Below is a fantastic post from Airbanq Founder, Leo Shapiro, on the current state of Alternative Financial Services (AFS) here in the United States. Airbanq is flipping the AFS business model, focusing on delivering high touch, trustworthy customer service to the unbanked, allowing them to transact respectfully and affordably.
Where is the financial system going? I think there are a lot of mixed signals in the air. We get really excited about alternative financial products and services thriving: Lending Club going public on what can be considered a very successful IPO, while at the same time Wonga writes off $300M of debt, humiliating what used to be the flagship of the online payday industry (dragging down some of the most powerful venture investors on the planet). TransferWise raises $25M from Peter Thiel and Richard Branson, while at the same time Xoom Financial faces a $30M fraud, jeopardizing a new delivery model that previously seemed to be working.
All the while, the Fed says the US economy is growing moderately, helped by sales of autos and consumer products while at the same time, a concern of a growing bubble of the auto loans industry is starting to gain some echoes and student loans reach $1T…does this sound familiar?
Are we destined to relive the same economic cycles again and again? My guess is that until we decide to do things differently, the answer is YES. Our system is designed to lever production with other people’s assets, we use a
very stable quantitative underwriting process to decide who we lend to, but once we cross the barrier of reaching an underserved (late adopters, laggards, the poor…you can add your own terms to the list) population, then the system fails. We lend people money they don’t have the capacity to repay, we push them to take loans on the promise that they can get out of the vicious spiral by developing incremental wealth (after all, we all want to pursue the dream) and once they figure out their incapacity to confront their commitment, we start all over again. As painful as this might be, the cost of default is still “affordable,” we are trapped in a system that has been designed with a fail-same and history is the witness to prove it.Is there a better way? Capitalism has proven to be the most successful production model yet and looks like it’s here to stay. So, how do we build a better system? My theory is that we need to replace our trading mechanism. We need to replace fear with trust, we need to complement creditworthiness with reputation, we need to achieve profitability with dignification, we need to understand that the whole is much more than the sum of its parts.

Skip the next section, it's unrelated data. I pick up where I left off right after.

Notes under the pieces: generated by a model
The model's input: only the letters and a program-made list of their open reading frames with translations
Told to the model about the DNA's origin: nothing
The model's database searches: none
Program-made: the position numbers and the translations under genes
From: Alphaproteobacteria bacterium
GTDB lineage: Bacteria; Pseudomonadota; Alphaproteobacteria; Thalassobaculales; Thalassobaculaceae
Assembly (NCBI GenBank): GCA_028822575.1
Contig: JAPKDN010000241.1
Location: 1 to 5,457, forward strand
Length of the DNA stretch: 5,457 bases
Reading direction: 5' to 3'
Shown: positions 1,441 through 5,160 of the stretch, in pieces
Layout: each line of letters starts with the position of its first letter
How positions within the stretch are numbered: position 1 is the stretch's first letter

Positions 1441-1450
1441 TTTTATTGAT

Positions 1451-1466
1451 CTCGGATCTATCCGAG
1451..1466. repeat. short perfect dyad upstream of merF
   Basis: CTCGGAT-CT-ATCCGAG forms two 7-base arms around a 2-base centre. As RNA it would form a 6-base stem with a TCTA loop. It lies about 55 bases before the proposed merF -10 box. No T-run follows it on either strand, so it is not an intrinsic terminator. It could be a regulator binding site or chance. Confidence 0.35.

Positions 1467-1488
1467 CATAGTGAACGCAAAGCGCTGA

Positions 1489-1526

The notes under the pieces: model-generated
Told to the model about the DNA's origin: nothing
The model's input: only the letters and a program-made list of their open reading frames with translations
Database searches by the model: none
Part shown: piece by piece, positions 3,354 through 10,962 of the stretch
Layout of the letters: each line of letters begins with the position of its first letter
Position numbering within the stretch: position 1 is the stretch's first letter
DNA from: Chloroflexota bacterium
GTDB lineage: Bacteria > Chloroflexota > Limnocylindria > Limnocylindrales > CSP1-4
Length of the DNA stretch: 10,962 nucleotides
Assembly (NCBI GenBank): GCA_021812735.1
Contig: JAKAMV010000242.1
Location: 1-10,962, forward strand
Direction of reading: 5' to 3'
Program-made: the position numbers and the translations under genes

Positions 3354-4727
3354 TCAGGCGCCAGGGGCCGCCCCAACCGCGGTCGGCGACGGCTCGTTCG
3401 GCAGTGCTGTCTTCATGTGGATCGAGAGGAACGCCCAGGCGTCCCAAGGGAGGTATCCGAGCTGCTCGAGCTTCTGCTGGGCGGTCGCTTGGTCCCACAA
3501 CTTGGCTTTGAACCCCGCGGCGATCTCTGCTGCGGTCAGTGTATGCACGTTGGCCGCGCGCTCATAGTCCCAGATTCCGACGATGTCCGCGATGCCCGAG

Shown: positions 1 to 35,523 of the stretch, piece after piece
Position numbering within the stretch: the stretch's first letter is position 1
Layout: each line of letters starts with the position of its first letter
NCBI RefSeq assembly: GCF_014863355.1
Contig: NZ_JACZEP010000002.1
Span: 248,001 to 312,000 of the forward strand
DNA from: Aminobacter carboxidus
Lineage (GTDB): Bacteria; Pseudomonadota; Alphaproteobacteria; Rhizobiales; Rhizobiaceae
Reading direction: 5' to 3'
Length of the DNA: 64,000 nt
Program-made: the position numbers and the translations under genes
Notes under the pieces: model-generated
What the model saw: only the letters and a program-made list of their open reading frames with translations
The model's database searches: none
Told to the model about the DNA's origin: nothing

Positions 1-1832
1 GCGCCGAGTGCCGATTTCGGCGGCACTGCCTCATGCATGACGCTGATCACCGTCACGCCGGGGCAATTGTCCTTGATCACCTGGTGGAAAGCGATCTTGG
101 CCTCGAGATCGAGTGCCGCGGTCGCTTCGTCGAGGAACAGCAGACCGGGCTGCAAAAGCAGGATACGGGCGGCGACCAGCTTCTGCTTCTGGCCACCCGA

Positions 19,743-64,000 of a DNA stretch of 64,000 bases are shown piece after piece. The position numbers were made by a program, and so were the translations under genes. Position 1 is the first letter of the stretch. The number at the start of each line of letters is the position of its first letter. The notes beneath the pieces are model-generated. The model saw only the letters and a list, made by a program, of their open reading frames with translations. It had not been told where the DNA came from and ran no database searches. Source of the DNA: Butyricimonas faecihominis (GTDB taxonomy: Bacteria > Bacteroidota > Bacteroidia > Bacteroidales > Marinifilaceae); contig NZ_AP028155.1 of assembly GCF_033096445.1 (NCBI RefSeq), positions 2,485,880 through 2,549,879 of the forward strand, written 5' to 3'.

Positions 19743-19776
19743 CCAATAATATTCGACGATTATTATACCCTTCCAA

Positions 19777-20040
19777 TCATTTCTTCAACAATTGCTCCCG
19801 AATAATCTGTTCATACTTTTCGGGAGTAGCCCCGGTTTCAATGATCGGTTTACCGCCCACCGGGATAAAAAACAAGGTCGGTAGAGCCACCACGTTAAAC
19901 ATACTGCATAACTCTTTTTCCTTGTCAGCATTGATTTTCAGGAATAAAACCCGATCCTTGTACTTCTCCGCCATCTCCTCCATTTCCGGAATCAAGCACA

When I was a kid, I used to frequentlysee my grandfather dressed in a jacket and tie and every time I asked him: “Why are you so dressy Grandpa?” He would answer, “because I’m going to borrow money from the bank.” After seeing this many times, one day I asked if I could go with him. We went to this beautiful building in the historic downtown of Mexico City and he spent 30 minutes talking to a stranger (I learned later it was the branch manager) about soccer, politics and grandchildren. At the end, the manager just asked him, “So how much do you need, Mr. Shteremberg?” Afterward, my grandfather and I left the bank and went for ice cream.
The first time I went to get a loan, there was no general manager to talk to and no soccer teams to discuss. It was just a “sorry, you don’t have a credit score.” Back in the day, your credit score was your reputation and people valued their reputation more than a silly three digit number.
Can we create a system where we understand that my success is the success of my colleagues, of my community, of my country? Can we create a system where reputation is a currency and where transacting is about long-term relationships and not short-term profits? This sounds romantic and utopian…but it can be done. The big question is how can you scale it or how can you sustain it? Because while we keep immersed in this capitalistic world — which I don’t see changing anytime soon — “somebody has to pay for it.”
Some ideas to come soon, and if you’re interested in this subject…let’s keep the conversation going!
P.S. I would like to extend credit to my advisor, colleague and good friend Omar Green which whom I had a very interesting conversation that inspired this post…